Grandparents are a wealth of information, passing stories of family history down to the younger generations. Unfortunately, this information often stays bottled up with the grandparent, just waiting to be mined. In fact, in this age of technology, sitting down to hear your grandfather tell stories about his time in the war, for example, can seem downright obsolete. Here’s how to compete in our over-wired society and keep the oral tradition alive and well in our grandchildren.
- Start when they are young. My grandmother began in her rocking chair with me on her lap. It planted a seed that has stayed with me forever.
- Discuss the most interesting ancestors. The pirates, Indians, witch trials and soldiers in the Revolutionary and Civil Wars. The rich men and the poor, the brave settlers who crossed the prairie in covered wagons, the sheriffs and the outlaws.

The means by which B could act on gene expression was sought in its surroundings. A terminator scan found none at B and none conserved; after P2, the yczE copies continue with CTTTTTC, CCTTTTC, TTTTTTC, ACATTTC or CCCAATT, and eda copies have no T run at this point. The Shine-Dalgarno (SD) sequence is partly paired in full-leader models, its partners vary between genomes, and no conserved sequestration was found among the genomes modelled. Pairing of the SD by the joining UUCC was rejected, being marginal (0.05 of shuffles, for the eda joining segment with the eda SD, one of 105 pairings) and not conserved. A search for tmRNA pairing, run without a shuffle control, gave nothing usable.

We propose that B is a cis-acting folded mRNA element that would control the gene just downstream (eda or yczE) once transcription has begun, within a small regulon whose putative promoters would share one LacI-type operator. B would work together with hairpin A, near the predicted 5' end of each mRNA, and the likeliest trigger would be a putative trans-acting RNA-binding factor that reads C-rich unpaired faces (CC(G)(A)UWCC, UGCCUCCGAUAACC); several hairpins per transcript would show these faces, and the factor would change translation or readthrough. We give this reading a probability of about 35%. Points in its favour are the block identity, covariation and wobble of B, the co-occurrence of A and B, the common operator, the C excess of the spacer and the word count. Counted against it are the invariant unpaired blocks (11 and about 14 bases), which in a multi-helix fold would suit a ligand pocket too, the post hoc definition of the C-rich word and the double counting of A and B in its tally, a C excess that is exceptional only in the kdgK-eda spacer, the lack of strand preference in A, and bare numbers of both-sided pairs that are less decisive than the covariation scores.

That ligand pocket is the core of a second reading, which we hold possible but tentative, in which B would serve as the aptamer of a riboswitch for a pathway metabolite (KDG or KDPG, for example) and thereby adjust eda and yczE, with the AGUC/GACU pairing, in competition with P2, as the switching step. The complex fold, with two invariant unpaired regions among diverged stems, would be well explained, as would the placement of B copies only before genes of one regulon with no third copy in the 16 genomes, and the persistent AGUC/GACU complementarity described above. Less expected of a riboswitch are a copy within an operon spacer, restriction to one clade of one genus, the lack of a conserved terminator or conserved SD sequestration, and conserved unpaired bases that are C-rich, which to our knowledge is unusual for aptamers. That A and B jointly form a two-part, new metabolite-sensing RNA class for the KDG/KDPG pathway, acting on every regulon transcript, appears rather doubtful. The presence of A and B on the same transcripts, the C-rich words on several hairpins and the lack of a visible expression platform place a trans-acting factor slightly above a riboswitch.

- Emphasize your grandchild’s role in the family’s history. Explain how your grandchild is part of the uniqueness of all these people who came before her and how she will carry that forward.
- Time travel. Talk about what it would be like to go back for one day and see how a great-great-great-grandparent lived. Then turn it around and have the ancestor come and visit the world we live in today. What changes would they see?
- Enlist the other side. Encourage them to ask their other grandparents to tell stories about the “olden days” and what they know about their ancestors. When they come back with facts about the other side of the family ancestry, let them help you begin a family tree.
Just remember, no matter how well you tell these stories, some children will not be interested. That’s ok – don’t push it. Once every other month is enough in the beginning. The time will come when they will ask to hear more stories.
An amateur historian and grandmother of four, Karen Vorbeck Williams spent 20 years researching and writing the story of her ancestors’ adventures settling the New World. She is the author of My Enemy’s Tears: The Witch of Northampton. www.MyEnemysTears.com..